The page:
Nestled in north west Georgia and roughly 12 miles from my childhood home is the small town of Euharlee. If not for Plant Bowen, a Georgia Power coal-fired plant that supplies the southeastern power grid with invaluable amounts of power, the town would remain largely unknown to a vast majority of people, even though the town is full of rich history and is home to an awesome covered bridge. Along side the bridge are the remnants of Burge’s Mill which was constructed on Euharlee Creek in the 1800s. The bridge was erected in 1886 after the old bridge was washed away, uses a build style known as lattices and trunnels, and spans 138 feet. It was used up until 1980 when a new two lane bridge was built to allow traffic to traverse over the creek. It is now a historical land mark and, according to Euharlee.com, is registered as the oldest standing covered bridge in the state of Georgia.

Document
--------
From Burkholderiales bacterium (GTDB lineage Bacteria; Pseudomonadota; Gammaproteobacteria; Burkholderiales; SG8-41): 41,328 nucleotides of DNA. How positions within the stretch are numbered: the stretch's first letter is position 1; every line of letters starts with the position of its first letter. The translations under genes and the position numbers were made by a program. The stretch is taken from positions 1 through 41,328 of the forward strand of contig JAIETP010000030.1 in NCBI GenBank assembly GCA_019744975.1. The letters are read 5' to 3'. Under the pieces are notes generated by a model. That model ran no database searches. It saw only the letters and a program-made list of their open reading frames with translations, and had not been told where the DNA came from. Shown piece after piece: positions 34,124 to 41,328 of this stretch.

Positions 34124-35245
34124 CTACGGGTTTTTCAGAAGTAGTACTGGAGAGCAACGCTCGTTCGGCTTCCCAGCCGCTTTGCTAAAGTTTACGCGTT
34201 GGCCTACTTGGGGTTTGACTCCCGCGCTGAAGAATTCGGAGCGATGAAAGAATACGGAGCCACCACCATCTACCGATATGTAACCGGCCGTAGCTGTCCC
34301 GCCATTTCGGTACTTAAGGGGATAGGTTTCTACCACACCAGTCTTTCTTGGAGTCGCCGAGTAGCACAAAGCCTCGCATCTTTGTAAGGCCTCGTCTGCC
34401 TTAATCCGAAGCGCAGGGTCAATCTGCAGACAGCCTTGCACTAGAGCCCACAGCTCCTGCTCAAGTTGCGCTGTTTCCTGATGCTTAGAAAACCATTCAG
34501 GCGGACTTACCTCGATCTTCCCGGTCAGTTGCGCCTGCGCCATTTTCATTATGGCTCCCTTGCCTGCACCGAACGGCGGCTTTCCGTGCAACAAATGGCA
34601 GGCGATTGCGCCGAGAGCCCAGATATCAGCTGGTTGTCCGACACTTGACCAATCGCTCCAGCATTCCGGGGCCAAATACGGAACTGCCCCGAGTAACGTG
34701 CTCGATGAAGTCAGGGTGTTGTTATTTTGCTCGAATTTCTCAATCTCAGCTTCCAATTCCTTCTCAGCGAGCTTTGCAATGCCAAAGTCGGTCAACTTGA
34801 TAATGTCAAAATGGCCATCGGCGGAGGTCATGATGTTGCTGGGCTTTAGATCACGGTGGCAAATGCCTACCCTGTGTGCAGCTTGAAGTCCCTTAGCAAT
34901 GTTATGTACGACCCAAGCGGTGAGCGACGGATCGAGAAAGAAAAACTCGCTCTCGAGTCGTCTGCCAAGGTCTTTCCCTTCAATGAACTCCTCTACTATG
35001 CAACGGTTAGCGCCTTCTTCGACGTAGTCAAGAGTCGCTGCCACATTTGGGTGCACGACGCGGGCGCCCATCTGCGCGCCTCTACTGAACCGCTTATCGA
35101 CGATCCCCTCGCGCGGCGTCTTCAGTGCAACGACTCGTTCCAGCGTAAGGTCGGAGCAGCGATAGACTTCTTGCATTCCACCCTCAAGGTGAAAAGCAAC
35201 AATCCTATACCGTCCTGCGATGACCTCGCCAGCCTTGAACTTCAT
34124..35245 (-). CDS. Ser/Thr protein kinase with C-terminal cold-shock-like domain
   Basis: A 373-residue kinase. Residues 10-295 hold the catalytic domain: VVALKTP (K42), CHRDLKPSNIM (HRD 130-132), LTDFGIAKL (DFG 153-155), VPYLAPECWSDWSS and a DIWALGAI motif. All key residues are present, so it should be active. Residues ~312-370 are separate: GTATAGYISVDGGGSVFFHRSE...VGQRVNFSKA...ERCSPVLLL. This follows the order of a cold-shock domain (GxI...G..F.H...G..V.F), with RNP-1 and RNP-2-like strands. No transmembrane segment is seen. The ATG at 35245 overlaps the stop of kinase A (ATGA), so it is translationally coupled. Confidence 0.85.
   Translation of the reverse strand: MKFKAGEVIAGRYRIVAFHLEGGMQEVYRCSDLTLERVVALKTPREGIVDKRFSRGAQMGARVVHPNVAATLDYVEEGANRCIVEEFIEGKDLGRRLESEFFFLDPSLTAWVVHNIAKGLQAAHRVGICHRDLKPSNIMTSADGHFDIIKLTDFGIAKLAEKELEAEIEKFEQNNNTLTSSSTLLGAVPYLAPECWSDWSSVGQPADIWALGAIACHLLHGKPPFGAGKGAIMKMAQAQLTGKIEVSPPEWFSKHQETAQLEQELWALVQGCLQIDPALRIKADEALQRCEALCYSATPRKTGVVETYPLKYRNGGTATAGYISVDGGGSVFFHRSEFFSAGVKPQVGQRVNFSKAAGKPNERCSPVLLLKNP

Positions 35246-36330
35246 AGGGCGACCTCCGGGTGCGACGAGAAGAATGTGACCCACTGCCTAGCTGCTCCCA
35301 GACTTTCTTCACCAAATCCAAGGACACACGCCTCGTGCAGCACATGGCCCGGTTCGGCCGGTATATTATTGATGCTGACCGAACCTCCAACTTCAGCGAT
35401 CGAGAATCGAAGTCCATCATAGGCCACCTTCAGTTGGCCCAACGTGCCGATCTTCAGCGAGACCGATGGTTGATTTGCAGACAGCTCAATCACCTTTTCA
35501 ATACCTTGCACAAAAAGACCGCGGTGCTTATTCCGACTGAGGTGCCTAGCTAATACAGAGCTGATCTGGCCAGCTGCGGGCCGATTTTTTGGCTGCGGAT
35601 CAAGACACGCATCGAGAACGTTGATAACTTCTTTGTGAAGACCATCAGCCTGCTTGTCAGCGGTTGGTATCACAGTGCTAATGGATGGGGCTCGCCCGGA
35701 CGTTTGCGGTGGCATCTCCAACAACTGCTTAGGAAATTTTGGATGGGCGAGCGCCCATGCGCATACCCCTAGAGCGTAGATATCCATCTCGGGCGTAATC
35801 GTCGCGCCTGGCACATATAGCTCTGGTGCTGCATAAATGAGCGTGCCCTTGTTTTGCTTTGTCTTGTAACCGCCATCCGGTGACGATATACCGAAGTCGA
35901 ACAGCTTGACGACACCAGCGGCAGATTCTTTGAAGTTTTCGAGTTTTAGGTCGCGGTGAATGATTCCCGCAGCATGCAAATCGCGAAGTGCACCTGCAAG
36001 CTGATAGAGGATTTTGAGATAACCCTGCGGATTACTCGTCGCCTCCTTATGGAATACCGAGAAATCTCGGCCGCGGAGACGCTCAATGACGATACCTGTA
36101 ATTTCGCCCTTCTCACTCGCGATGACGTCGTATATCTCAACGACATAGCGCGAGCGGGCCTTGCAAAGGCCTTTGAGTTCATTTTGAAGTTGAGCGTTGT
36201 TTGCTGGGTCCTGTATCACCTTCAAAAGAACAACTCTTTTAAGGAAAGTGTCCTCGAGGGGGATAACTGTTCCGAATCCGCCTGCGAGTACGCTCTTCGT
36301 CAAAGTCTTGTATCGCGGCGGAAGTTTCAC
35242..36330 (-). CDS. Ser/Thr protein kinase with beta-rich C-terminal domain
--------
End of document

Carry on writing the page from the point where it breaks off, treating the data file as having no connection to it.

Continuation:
I decided to spend a morning out at the bridge and the creek under the historical site to experiment with the light of the rising sun on a late summer Monday. I hadn’t been to the bridge since high school and had only passed through Euharlee on the rare random drives that lead me through the reaches of Bartow County. Spending a morning in such a sleepy southern town was like home and reminded me of what small town Georgia could really feel like.
There are also a few historical buildings on site and nearby, as well as a few options for food. It’s well worth a trip out to see the oldest covered bridge in the state of Georgia and to get a taste for small town southern living.